- Improved cognitive function
- Weight loss
- Improved athletic performance
- Greater success with a ketogenic diet
Health Benefits of MCT: The Research
That all sounds great, but how much evidence is there that the benefits are legitimate? We’ve put together the science so you can judge best for yourself.
Weight loss? Good Evidence *with caveat.
There are two main reasons why people claim MCT oil can help you lose weight.
Weight loss reason 1: MCT oil might boost your body’s ability to burn calories. A 24-hour study of healthy young men who consumed ~2 tablespoons of MCT oil found they burned an extra 120 calories compared to those who consumed a dosage of 2 tbsp LCT. A similar 27-day study of overweight women found they burned nearly 50 calories extra per day when they substituted 50% of their fats with MCT oil. Beyond these studies, numerous rodent experiments have demonstrated the same thing: MCT oil helps us burn more calories and gain less body fat.
Weight loss reason 2: MCT oil is also reported to make people feel more full and choose to consume fewer calories. A few human studies have reported similar findings; that a little MCT oil in the morning reduces hunger throughout the day. However, a similar number of studies have found no effect on hunger, so this theory is currently a work in progress.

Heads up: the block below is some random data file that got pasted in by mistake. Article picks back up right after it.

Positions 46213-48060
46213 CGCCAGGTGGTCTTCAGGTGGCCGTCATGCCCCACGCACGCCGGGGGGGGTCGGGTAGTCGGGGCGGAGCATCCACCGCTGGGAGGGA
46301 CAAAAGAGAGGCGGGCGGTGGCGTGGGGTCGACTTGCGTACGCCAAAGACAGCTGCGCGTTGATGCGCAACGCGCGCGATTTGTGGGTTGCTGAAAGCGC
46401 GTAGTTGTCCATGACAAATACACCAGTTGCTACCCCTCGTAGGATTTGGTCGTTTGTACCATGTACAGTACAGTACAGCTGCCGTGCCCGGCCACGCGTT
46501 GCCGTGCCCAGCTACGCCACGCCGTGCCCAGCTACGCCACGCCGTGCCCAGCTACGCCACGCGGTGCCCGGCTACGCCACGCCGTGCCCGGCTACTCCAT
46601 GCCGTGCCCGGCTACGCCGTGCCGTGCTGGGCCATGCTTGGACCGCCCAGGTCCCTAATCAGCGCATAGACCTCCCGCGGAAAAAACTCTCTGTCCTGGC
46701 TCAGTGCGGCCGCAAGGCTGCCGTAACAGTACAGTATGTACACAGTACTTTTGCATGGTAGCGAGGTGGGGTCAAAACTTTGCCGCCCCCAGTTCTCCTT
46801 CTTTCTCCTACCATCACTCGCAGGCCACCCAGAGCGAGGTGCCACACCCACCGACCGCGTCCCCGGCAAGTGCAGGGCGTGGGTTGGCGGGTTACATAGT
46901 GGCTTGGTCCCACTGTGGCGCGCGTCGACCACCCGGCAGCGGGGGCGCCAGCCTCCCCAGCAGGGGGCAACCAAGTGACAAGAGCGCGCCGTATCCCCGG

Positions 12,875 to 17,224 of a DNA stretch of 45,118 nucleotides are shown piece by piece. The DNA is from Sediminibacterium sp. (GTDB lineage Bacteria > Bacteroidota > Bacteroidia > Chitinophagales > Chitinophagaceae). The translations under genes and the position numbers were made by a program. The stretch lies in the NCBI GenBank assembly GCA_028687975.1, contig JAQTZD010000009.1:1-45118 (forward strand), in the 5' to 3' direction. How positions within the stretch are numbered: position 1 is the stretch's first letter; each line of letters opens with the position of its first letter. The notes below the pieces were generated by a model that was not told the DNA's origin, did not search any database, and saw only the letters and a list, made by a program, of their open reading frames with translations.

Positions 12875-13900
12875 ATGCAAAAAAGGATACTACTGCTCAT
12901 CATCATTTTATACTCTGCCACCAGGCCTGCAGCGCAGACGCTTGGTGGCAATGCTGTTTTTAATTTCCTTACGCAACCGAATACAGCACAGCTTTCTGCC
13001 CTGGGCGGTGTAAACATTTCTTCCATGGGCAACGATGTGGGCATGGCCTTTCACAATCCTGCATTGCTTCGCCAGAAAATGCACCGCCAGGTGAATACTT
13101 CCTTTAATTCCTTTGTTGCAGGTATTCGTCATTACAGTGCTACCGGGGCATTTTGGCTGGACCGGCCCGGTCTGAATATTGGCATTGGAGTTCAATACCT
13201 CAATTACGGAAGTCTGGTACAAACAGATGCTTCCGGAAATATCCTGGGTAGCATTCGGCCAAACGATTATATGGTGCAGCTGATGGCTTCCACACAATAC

Weight loss caveat: Even if both these reasons are true, the danger with taking MCT oil to lose weight is that it is a source of dietary calories. One tablespoon contains 130 calories of saturated fat — more than it tells the body to burn. Extra MCT oil every day (without changing anything else in your diet) means extra calories every day. MCT oil works best in a weight loss plan if you consider it a calorie replacement instead of a supplement.
Ketone Booster? Yes.
For those of us on the ketogenic diet — a very low-carb diet that stimulates our bodies to generate ketones — MCT oil can be a great support. For anyone unfamiliar with ketones, they are the energetic currency our livers produce from fat when we run out of glycogen, which happens during fasting, intense exercise or on a low-carb diet. When people on a ketogenic diet consume a high ratio of MCT:LCT oil, they can also consume more nutritious fruits and vegetables while maintaining high ketone levels. And even without joining the ketogenic bandwagon, you can temporarily boost your ketone levels with a dose of MCT oil in the morning after an overnight fast, aka “sleep.”
Cognitive Function Booster? Maybe.
Your brain uses more energy than any other organ in your body, and feeding it enough to keep those neurons firing can sometimes be a struggle. One hurdle to keeping your brain well-fed is a heavily guarded gate called the blood-brain barrier that separates your brain from the main bloodstream. The only types of energy that can easily gain entry across this gate are glucose and ketones.